Intended for healthcare professionals

Feature Covid Unanswered Questions

Has covid-19 become milder?

BMJ 2022; 379 doi: (Published 27 October 2022) Cite this as: BMJ 2022;379:o2516
  1. Mun-Keat Looi,
  2. Elisabeth Mahase
  1. The BMJ
  1. mlooi{at}

Deaths and hospital admissions are falling, so does this mean that the virus is less severe? The BMJ asks the experts

Is covid-19 really getting milder?

The short answer is no. Covid-19 is still a deadly disease, having killed almost 1.1 million people in 2022 at the time of writing. There remains a high risk of hospital admission and death for anyone without prior immunity. With some populations still largely unexposed to the virus, such as in China, and variation in the types of vaccines used in different places, it would be cavalier to call covid-19 anything but serious.

“It’s really hard to compare the severe disease aspects of [variants] because the immunity of our population is so different,” says Steve Griffin, associate professor at the University of Leeds. “When people call omicron mild, yes, there’s probably a lesser tendency for it to go deep in the lungs. But if you think about the clinical impact of it, because of its massive prevalence, even though it’s got a lower chance of causing the sorts of severe disease we’re talking about with acute covid-19, the actual clinical impact is still very, very marked.”

David Strain, senior clinical lecturer at the University of Exeter Medical School, points out that covid-19 tends to make other diseases worse. “It doesn’t matter what those other diseases are,” he told The BMJ in August 2022. “Patients who’ve got longstanding Crohn’s disease are coming in with exacerbations of their Crohn’s or their coeliac or their arthritis.”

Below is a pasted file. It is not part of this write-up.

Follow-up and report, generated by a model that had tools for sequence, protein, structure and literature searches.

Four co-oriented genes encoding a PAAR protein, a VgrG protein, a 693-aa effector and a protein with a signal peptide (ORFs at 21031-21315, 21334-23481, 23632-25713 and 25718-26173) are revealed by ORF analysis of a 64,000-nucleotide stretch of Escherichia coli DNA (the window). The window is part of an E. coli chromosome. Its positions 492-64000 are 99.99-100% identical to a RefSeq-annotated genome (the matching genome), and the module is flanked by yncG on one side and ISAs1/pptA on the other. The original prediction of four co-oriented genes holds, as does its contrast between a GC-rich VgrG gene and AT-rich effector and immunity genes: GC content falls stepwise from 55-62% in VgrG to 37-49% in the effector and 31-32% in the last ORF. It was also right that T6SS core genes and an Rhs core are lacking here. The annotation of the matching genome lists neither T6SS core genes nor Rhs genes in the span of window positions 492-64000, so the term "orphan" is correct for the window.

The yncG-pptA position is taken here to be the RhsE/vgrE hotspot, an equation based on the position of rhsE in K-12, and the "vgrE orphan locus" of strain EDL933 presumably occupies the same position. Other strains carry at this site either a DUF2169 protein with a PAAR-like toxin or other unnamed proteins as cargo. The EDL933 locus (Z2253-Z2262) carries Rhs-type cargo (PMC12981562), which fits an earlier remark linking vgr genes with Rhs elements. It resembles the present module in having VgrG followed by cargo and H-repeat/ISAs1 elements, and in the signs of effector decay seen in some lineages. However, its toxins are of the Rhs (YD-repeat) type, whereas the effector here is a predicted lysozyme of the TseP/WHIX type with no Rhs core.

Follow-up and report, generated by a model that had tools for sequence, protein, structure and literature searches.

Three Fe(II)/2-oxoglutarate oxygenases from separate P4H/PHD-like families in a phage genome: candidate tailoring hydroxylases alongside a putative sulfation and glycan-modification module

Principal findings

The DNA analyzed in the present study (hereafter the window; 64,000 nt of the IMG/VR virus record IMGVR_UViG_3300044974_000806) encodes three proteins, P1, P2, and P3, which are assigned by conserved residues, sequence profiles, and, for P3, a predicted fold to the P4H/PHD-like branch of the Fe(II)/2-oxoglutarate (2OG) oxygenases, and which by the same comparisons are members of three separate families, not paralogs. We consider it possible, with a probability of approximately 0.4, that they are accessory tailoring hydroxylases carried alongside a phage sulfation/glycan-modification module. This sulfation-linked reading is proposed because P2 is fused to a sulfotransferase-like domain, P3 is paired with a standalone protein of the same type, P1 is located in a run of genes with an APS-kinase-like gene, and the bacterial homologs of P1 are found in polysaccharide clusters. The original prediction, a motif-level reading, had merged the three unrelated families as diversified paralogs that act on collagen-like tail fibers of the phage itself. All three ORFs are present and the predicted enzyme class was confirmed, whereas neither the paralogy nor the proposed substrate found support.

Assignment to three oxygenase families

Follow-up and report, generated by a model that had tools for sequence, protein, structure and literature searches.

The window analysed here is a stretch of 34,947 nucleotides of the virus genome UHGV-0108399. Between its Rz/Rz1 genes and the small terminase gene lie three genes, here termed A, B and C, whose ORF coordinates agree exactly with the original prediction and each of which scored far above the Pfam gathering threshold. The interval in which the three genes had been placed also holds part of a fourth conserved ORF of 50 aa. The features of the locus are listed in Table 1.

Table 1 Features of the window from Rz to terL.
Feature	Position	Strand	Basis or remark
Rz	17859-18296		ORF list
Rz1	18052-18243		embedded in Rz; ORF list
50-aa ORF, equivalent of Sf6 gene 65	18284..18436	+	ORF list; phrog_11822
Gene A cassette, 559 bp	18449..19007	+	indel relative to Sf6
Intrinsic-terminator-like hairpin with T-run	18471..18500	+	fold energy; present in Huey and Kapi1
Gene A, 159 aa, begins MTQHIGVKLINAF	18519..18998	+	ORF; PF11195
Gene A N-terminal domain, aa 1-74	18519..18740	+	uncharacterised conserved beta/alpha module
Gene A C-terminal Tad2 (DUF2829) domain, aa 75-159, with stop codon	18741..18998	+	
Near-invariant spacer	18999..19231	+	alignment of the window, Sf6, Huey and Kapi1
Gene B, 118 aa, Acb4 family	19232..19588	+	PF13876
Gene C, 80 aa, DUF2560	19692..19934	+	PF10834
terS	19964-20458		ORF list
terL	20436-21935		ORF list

Monica Verduzco Gutierrez, professor and chair of the Department of Rehabilitation Medicine at the Long School of Medicine in San Antonio, Texas, also emphasises that even mild covid-19 could cause long covid, with lingering symptoms and debility.

She adds that we’ve yet to fully understand the impact of reinfections. A study of the health records of six million people held by the US Department of Veteran Affairs, released as a preprint in June,1 suggested that people who had a second or third covid-19 infection had considerably higher rates of heart disease, kidney disorders, and other health problems during the first 30 days of infection, as well as in the months that followed, than people who had been infected only once.

Why does it appear to be getting milder?

The evolution of the virus, as well as the increased immunity of general populations, means that presented symptoms and the frequency of symptoms in many places are shifting, with deaths and hospital admissions falling in countries such as the UK over the course of 2022.

Gutierrez says, “The original strain had more disabling impacts in regard to post-covid conditions because so many more people had severe disease.” It’s understandable why, to some people, acute covid appears to have become milder in its effects, especially in vaccinated people. But, as detailed above, that doesn’t mean that the disease itself is getting any milder.

A paper published in The BMJ in August2 showed that disease caused by the early omicron variants (BA.1 and BA.2) seemed to be less severe in these terms than delta. And the World Health Organization has suggested that the omicron variants’ tendency to target the upper part of the body—which also helps its transmissibility—could correlate with fewer cases of severe pneumonia, since it isn’t infecting cells deeper in the lungs.3